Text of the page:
In an interview with Barn Owl Review, Simonds, discussing one of her poems, says,” “It cost me $523 dollars to write this poem[…]The $523 is the amount that I spent on the supplemental daycare for the week.” $10.2 million would cover a lot of daycare. For Simonds, a working mother, it is doubtful that even with daycare she was able to spend that week writing the kind of progressive verse the Poetry Foundation claims to forward via financial awards. How are those poets who are not already financially privileged expected to gain the education, social contacts (the platform that Buzz Poet seems to assume Simonds magically manifested), etc. that poets need in order to gain enough recognition to even be on the Poetry Foundation’s radar?
Buzz Poet states that Ms. Simonds was “lazy” and misdirected in airing her grievances to the Poetry Foundation instead of her State Representative. Given her initiative to write the letter and receive flak like yours, it’s hard to see how “lazy” can be a fitting adjective (plus, please let us not forget that we are talking about a working mother who is also trying to make a career as a writer here). Moreover, you lament your own lack of healthcare but are writing open letters to poets instead of lobbying your own State Representative, a charge you levy against Simonds.
But I wanted to speak to the claim that Simonds was misdirected in asking the Poetry Foundation for support. People in many professions have organizations that are there to look after their quality of life. My mother, a veteran schoolteacher, knows that she can count on at least being heard by her local chapter of the NEA when professional concerns arise. No, they don’t pay her salary, but they make it easier to do her job. Unionized workers have union reps who can be consulted. Poets have…other poets on Facebook? When Sam Hamill launched poetsagainstthewar.org in 2003 after Laura Bush canceled a poetry symposium, the Poetry Foundation came neither to the aid of Hamill nor the cause of free speech in poetry. Even after Hamill collected over 20,000 poems in his anthology, his work went unrecognized by the Poetry Foundation, who seems plenty able to find the time and money this year to display a replica of Emily Dickinson’s dress at a forthcoming November event. Is this disparity because President Barr (who wrote about the necessity of moving American poetry forward–not backward to Dickinson’s time– in “American Poetry in the New Century,” available on the foundation’s website) believes, as he states in that same essay, that “the responsibilities of the public to poetry are nil” and the responsibilities are “all on the part of the American poets?” To return to the schoolteacher comparison, is it a high school teacher’s fault if a scant few teenagers show up on their own to a math class (especially if it were as elusive to attend math class as it is to get involved in a poetry community)?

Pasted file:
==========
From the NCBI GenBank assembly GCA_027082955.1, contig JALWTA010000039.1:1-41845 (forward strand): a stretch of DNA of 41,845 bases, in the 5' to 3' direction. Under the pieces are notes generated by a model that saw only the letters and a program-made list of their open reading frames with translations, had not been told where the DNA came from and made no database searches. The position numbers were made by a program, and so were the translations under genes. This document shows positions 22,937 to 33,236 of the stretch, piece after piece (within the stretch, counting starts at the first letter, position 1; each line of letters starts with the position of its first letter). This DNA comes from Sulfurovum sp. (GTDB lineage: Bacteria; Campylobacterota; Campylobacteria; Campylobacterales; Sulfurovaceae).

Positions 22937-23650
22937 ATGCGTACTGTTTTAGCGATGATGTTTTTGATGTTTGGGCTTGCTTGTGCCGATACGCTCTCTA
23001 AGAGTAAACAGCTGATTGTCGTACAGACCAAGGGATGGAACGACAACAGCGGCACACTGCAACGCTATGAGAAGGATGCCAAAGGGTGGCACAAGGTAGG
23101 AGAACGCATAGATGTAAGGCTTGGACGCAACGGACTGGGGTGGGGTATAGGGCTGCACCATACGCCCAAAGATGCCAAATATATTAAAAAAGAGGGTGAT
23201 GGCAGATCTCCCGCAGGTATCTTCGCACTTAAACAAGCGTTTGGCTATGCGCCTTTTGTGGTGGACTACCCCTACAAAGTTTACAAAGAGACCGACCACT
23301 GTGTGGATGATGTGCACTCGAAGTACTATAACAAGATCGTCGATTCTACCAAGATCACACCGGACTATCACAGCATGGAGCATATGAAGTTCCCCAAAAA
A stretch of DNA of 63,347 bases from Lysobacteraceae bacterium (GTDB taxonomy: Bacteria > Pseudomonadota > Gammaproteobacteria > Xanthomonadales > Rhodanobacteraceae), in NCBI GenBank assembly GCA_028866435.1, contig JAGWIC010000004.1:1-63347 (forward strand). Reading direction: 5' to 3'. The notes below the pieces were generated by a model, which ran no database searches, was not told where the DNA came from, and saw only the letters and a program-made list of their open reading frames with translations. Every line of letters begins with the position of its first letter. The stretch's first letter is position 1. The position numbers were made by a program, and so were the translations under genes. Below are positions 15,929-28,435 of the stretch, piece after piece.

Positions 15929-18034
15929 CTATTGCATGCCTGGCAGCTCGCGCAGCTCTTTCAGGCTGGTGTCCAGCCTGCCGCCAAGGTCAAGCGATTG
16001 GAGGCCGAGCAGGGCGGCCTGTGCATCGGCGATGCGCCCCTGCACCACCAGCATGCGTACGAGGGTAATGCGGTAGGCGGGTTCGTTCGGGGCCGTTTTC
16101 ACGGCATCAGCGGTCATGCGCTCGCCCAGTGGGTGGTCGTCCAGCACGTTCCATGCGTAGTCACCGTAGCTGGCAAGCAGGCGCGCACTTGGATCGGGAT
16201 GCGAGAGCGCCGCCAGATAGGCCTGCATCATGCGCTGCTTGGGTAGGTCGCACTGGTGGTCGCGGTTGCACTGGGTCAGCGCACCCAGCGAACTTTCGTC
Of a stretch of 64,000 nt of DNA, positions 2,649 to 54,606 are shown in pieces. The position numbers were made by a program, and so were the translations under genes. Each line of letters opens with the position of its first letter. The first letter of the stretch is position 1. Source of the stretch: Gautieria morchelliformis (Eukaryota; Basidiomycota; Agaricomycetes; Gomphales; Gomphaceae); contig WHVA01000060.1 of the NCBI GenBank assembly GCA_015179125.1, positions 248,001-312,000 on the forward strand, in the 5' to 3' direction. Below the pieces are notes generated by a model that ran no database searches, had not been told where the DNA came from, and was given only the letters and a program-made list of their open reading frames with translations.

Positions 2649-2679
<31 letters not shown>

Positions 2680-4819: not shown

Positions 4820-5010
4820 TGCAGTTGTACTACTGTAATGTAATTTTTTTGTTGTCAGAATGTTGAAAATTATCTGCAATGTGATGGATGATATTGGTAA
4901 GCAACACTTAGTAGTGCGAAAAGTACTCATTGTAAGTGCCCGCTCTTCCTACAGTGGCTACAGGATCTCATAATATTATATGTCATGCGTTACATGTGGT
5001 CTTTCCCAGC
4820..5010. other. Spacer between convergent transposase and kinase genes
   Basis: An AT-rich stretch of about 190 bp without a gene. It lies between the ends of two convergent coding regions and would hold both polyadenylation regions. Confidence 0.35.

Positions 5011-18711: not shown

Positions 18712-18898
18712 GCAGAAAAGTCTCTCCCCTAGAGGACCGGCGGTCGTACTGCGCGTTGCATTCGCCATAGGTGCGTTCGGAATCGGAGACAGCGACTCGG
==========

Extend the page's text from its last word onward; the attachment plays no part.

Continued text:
Essentially, you seem to have misunderstood Simonds’ main point. You write, “You say in your open letter that ‘it is heartbreaking when poets you have admired for years are forced to ask for help with basic necessities,’ and I wonder how this is any more heartbreaking than the millions of other Americans struggling financially to make ends meet. How do the struggles of everyday Americans differ, and to what degree, from those problems faced by the poetry community?” Simonds is not asking for special treatment, nor is she claiming that poets deserve it above everyday Americans. She is simply asking that the Poetry Foundation live up to its purported mission of supporting poets and poetry.
To Success, Health, and Support for All,
Erin Lyndal Martin